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English is my native language. My other languages are Esperanto, French, German, Hebrew, Portuguese, Russian, and Spanish, in which I have varying levels of ability. I feel comfortable translating into English from any of those languages. I do not contribute sentences in any other language, other than occasionally in Esperanto to meet a particular need (for instance, to create a sentence based on an existing one when the latter is improperly linked). Likewise, I encourage others to contribute sentences only in languages in which they have native-level proficiency.
I lived in Germany for a year and a half, and later translated scientific and engineering material (including a textbook) from German to English. Here at Tatoeba, I've translated from German to English upon request (perhaps a hundred sentences or so). However, I've done far more translation from Hebrew to English (several thousand sentences), since I worked on my Hebrew just about every day from late 2012 until early 2017. At that point, I switched over to working on my Russian. Once I get good enough in that language, I'll translate from Russian to English.
*** MY CONTRIBUTIONS TO TATOEBA ***
In January 2014, I began coordinating between administrators, developers, and contributors. In March 2014, I officially became an admin myself.
In addition to general tasks related to sentences (adding, linking, etc.), I do the following:
- edit documentation
- submit and update tickets to record bug reports and enhancement requests based on comments on the Wall and my own observations
- fix bugs, make enhancements, and fulfill requests, especially those relating to:
-- user interface text
-- database consistency
-- remembering user preferences
The time that I can invest in Tatoeba is limited, in terms of both total time and what I can spend on any particular day. Therefore, I choose my tasks carefully. If you make a request, you need to convince me not only that it's worthwhile, but that it's AS worthwhile as, or MORE worthwhile than, other things I can be doing. You also need to convince me that the gain to the Tatoeba community is more than theoretical. For instance, before adding a language, I need to be convinced that native or native-equivalent speakers will contribute in it, so I want the request to come from a native who intends to contribute. As another example, if I have a choice between (a) taking thirty seconds to fix a sentence to the point where it is grammatically correct and natural and (b) taking half an hour to attempt to bring it to textbook quality (eliminating ambiguity, supplying missing context, and removing factual inaccuracies from the content, and then contacting the owners of linked sentences in order to do the same), I will choose option (a) every time. Tatoeba is not set up to provide a corpus in which each sentence is of textbook quality. Attempting to make it so will inevitably interfere with other goals, such as making the database consistent or the interface easier to use.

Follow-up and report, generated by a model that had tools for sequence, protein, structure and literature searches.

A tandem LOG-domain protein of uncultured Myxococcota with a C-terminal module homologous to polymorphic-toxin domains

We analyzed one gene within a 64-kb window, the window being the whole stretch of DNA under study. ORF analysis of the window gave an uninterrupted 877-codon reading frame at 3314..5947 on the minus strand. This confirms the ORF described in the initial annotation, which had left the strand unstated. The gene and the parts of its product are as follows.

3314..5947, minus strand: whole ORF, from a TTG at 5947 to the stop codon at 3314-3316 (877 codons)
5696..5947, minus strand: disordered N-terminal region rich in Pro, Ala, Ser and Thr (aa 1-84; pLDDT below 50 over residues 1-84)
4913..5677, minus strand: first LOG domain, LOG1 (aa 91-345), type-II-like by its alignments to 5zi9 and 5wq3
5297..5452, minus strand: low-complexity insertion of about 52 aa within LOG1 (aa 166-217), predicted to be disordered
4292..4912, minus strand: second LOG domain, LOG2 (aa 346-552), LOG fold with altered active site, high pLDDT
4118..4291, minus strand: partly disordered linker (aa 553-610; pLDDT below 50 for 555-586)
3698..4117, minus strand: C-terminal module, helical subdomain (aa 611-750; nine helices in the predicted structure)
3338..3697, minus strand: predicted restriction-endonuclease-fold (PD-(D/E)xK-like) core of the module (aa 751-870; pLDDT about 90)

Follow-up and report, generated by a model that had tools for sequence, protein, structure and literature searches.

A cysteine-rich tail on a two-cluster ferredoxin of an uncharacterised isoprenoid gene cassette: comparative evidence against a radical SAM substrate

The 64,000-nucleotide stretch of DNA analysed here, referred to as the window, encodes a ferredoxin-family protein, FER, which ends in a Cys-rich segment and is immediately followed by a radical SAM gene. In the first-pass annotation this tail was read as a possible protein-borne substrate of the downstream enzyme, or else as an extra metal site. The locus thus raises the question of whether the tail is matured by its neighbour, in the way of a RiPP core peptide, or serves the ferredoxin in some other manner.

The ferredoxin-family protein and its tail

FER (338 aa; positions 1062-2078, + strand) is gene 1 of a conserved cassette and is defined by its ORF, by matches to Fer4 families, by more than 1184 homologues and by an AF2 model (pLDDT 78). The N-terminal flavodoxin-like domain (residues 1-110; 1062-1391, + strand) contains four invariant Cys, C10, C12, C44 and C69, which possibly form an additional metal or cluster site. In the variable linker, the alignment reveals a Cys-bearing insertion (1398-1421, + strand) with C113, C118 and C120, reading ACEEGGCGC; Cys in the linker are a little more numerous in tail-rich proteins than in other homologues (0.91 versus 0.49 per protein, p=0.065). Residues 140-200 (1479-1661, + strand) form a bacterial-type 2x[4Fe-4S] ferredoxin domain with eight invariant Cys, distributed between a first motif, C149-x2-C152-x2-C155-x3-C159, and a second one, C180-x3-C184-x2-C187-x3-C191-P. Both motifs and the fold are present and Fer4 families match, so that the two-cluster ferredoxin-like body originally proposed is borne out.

If you are able to modify a sentence, and think it should be modified, and you have a decent sense of judgment, often the best thing you can do, from my point of view, is to take that action yourself, rather than open a discussion about it.
*** RESOURCES BEYOND TATOEBA ***
Tatoeba is a fantastic resource, one that I have spent much time using and much effort improving, but I would not urge anyone to try to meet all their language learning needs here. For that, I recommend that people use a combination of textbooks, instructional audio, and the following online resources:
- online corpus sites, such as those listed on this page posted by Brigham Young University: http://corpus.byu.edu/
- language forum sites, such as Unilang ( http://unilang.org )
- sites that allow members to submit entries and correct others', such as Lang-8 ( http://lang-8.com )
The Tatoeba community is best served by recognizing that it is itself a part of the larger world of language learning communities, and focusing on what it does best.
*** PHILOSOPHY ABOUT FORMALITY ***
My belief is that most users of Tatoeba are looking for a way to improve their personal knowledge of the language, and that they are best helped by sample sentences that correspond to current usage, with an emphasis on written language, from a context that is neither extremely formal nor extremely informal. I try to shape my contributions accordingly.